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Archive for the ‘Science Fiction’ Category

I really wanted to see what Hollywood did with the “colony starship” trope, a genre staple.  The previews looked promising, as did the high-octane cast (Jennifer Lawrence, Chris Pratt, Laurence Fishburne).  I  should have known better.  There will be spoilers ahead but I promise you:  nothing will ruin your experience of this movie more than actually seeing it.  The starship Avalon, its cargo of 5000+ ensconced in cold sleep, encounters a cloud of dust and rocks in deep interstellar space some 30 years into its 120 year journey. The ship’s defense systems deal with most of the debris, but a large rock gets through and the ship suffers some damage.  Implausibly, one of the thousands of suspended animation pods malfunctions, awakening Jim (Pratt), a mid-level techie.  The ship has plenty of amenities and we sit through endless filler scenes of Jim playing basketball, exploring the creepy-shiny Mariott future, and hanging out with an android bartender, Arthur (Michael Sheen), who is a little reminiscent of Lloyd from The Shining with none of the edge and menace.  Of course, Jim gets lonely, grows a scraggly beard, and becomes obsessed with one of the sleeping colonists, Aurora (Lawrence). He figures out how to revive her and, after talking  it over with  Arthur, decides to go ahead with it.

Okay, I thought, I might as well just get up and leave now.  The movie is basically over.  They’re going to try and normalize this horrific violation via the enduring mythology that romantic love can emerge from a raw, brutal exercise of sexist authority if only the right circumstances allow it to flourish.  But, for me, this was such an amoral act, so deeply pathological and wrong, that there was nothing the mechanics of plot could do to make it okay.  You just can’t go back from there.

I didn’t leave, but my instinct was spot on.  He wakes her up, lies to her, fucks her …  the story machine is a goddamn power shovel at this point, digging itself into a deeper and deeper hole.  When she finds out what actually happened, she’s kinda mad!  At one point, she is kicking the shit out of him and reaches for a huge-ass garden implement which surely would have crushed his skull but she sets it down after some deliberation, a huge disappointment.  Then a bunch of other things happen, but it hardly matters.  The ship’s systems are deteriorating.  A crew member, Gus (Fishburne), gets awakened so he can explain some stuff and die.  Aurora’s still mad but she and Jim have to work together to figure out how to fix the failing ship.  Shit gets gnarly and he makes the ultimate sacrifice to save her and the ship, which is supposed to redeem his dark, obsessive idealization and objectification of her, his deception, his rape.  (It doesn’t).  The ultimate sacrifice turns out to be not so ultimate since she was able to revive him in the Autodoc.  He figures out how to tweak it to support her (but only her) returning to cold sleep for the rest of the voyage, but she says, no, it’s really okay that you ruined my life and turned me into a fuck doll.  I love you!  They live happily ever after.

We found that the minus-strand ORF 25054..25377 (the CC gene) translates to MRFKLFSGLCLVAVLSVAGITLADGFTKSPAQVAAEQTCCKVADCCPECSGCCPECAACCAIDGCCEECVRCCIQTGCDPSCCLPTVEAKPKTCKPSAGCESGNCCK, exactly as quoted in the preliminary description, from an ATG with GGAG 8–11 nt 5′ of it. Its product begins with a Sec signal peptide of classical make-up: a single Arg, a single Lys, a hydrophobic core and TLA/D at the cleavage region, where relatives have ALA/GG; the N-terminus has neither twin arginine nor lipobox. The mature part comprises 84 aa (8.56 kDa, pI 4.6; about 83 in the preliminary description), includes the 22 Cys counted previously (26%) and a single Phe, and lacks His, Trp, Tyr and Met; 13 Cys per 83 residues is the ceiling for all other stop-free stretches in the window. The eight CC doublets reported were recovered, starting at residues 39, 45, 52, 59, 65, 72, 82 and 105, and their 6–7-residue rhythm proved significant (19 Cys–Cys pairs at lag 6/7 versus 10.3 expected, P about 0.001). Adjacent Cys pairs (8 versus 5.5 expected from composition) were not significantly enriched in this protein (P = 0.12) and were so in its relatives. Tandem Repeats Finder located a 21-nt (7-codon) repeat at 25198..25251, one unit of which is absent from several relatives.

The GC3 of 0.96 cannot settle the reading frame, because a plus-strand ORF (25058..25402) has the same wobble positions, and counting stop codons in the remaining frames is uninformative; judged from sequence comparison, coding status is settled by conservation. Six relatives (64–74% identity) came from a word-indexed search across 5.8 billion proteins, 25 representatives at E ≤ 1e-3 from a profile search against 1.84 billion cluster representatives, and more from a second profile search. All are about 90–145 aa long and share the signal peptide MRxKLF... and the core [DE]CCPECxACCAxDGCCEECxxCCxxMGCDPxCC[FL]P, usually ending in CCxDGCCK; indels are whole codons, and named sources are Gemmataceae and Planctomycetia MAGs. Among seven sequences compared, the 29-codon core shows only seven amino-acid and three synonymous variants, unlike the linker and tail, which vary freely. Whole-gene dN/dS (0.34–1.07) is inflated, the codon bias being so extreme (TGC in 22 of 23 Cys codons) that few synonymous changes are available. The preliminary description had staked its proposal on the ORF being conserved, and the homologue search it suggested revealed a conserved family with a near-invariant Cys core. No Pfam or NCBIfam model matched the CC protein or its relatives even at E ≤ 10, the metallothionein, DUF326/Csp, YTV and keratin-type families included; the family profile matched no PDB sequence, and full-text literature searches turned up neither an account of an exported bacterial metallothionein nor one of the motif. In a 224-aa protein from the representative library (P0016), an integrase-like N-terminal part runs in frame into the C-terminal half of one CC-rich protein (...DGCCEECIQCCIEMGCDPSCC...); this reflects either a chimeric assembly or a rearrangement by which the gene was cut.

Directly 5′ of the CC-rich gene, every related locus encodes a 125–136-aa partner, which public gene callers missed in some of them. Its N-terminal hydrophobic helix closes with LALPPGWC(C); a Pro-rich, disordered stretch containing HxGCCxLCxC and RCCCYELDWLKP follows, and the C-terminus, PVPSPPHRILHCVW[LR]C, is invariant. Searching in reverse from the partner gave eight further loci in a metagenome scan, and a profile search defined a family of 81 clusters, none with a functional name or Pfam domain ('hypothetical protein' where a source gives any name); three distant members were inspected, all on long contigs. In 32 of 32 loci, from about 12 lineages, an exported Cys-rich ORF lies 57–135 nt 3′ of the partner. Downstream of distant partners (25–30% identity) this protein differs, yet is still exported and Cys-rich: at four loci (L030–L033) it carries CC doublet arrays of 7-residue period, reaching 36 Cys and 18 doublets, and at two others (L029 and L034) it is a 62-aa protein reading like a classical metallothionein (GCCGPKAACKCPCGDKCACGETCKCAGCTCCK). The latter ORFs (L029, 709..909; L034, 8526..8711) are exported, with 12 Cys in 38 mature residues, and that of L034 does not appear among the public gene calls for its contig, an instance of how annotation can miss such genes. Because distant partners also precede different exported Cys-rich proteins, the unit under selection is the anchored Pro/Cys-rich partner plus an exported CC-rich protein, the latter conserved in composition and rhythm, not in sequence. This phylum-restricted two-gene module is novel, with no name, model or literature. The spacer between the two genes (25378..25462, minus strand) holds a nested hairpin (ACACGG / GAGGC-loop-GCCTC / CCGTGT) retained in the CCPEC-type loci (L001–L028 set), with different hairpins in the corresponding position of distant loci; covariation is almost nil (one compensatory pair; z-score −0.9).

This movie fails on so many levels it’s hard to know where to begin, but its failure as science fiction is worth underscoring, since that’s the package it’s wrapped in. At its best, SF uses its rich, evolving heritage of tropes to entertain us, to enlighten us, to explore questions about who we are as individuals, as a patchwork of cultures, as a species: where we come from, where we are, where we’re going.  Passengers uses SF’nal eye candy as window dressing to frame a deeply creepy idealization of romantic love that seeks to normalize misogyny and rape.  If you like that sort of thing, check it out.